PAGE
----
Further Ruminations on Adobe, Flash and Mobile Devices.

[This entry was originally going to be a comment on Christopher Caleb’s post, ”Adobe’s Mobile Strategy Fundamentally Flawed?”, but I have an annoying habit of writing rather more than I have to, so I granted this corpulent comment a promotion to First Real Post.]

Flash on mobile devices. It’s an interesting prospect. Of course, it’s more than a prospect, it already exists to some extent. Adobe’s dream is to create an engine which allows Flash content to be run on all major platforms, and it has set it’s sights upon mobile devices because they offer the tantalising prospect of being a bit of a cash cow, one way or another.

Christopher’s post is a partial response to Aral Balkan’s post, so you may want to have a quick skim over them. They’re quite interesting. I’ll wait here for you. Go on. Just don’t forget to come back, y’hear?

Read them? Good. Let us begin…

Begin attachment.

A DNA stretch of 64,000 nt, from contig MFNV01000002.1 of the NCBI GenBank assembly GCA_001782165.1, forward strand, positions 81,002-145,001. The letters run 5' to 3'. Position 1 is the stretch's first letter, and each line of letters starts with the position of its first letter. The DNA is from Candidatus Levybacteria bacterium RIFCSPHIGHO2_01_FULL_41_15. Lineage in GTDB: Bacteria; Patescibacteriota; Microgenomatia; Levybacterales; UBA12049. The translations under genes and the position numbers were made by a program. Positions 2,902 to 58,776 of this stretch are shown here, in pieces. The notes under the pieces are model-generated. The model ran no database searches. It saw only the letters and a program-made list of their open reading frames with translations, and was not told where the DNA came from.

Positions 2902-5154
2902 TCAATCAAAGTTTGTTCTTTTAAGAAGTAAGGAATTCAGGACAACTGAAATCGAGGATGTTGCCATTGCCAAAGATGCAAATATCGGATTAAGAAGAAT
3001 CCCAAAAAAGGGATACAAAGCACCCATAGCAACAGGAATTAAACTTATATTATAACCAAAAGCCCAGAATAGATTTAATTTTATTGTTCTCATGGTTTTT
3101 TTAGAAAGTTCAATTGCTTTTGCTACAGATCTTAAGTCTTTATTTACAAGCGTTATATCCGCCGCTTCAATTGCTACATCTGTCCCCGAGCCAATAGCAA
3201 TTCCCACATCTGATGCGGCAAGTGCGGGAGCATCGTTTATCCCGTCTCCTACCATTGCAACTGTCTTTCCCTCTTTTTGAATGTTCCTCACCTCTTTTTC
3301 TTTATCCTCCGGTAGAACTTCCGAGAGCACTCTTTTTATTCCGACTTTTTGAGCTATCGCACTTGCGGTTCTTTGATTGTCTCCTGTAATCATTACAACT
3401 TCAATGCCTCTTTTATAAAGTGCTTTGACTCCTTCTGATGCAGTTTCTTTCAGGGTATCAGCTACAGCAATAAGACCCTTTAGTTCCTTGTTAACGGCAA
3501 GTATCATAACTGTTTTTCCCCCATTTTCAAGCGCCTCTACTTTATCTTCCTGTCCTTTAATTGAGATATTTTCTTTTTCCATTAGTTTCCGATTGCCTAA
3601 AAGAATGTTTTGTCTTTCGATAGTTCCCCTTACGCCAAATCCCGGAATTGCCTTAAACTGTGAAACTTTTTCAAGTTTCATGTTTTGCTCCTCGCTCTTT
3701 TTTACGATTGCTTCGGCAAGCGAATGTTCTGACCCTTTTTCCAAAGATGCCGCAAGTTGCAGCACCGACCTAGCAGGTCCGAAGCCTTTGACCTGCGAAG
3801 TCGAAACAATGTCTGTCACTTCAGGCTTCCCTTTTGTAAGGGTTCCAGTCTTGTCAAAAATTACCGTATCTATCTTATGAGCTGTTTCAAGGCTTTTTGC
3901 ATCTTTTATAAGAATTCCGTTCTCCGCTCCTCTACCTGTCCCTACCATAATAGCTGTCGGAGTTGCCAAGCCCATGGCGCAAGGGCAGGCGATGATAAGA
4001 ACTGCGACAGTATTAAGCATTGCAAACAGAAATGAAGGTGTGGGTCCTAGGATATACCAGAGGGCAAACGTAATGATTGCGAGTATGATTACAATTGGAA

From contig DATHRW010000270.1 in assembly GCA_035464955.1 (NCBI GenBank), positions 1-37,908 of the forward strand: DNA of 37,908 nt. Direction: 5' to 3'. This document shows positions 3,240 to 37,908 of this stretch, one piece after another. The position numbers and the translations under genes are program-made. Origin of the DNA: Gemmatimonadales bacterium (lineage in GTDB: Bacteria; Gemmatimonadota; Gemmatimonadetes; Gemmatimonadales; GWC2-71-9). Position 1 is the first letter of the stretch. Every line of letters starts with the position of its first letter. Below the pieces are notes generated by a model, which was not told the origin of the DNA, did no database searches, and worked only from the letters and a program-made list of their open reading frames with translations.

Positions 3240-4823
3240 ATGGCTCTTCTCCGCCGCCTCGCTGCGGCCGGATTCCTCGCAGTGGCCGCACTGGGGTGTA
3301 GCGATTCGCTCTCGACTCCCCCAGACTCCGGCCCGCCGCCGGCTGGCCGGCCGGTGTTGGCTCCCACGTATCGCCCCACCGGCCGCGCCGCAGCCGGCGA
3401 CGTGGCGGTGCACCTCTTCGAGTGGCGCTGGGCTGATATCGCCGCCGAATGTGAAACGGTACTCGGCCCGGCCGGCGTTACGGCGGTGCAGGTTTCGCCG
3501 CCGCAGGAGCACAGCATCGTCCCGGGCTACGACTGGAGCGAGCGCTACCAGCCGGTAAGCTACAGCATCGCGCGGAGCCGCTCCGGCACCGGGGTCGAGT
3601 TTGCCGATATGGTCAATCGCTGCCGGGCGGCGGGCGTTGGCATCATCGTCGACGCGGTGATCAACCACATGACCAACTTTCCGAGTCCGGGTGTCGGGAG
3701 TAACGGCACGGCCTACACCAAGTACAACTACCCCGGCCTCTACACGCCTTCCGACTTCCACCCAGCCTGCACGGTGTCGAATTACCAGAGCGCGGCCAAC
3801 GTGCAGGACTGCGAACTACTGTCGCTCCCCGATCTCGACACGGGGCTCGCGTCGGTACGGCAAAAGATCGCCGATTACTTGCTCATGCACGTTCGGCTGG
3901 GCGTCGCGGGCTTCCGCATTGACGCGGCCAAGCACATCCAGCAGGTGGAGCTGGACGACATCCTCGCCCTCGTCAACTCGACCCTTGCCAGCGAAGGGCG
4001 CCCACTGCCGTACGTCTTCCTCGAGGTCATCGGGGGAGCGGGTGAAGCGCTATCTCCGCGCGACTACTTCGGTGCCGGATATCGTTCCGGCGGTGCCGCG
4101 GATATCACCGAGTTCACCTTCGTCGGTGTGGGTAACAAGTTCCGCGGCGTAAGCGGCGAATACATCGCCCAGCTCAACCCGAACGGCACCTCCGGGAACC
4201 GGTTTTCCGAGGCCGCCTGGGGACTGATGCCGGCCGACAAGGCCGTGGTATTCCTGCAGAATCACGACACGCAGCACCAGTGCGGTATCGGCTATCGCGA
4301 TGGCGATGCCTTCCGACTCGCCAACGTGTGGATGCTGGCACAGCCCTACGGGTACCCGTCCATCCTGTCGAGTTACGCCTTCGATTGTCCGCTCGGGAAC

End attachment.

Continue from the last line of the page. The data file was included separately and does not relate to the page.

Flash Lite. Failure? Yes. Success? Yes.

Flash Lite failed in it’s grand vision of providing a large, consistent, mobile platform on which to view Flash style content. Currently only a handful of phone models support the latest (backwardly not very compatible) version of Flash Lite, and even amongst those, horrible incompatibility pixies strut around presenting their fail feathers.

It succeeded, however, as a necessary first failure in order to work out what was probably for a successful cross platform, uh, platform. I’m sure within Adobe it spurred many people along paths that needed to trodden in order to move toward a reasonable version of Flash on mobile devices. It also succeeded in inspiring a small but remarkably dedicated segment of developers and designers, giving them a tantalising hint as to what could have been, or should have been possible for mobile app creation.

It’s time to let it rest in peace though. Flash Lite, as it stands, is dead, or perhaps the living dead. Not only is it quite expensive to develop content for, there is very little chance you will recoup all of that investment. Distribution for developed applications remains a nightmare because it is modelled on the old, pre-Apple distribution mechanisms: carrier deals, random user stumbling and dusty website warehouses holding applications of unknown quality.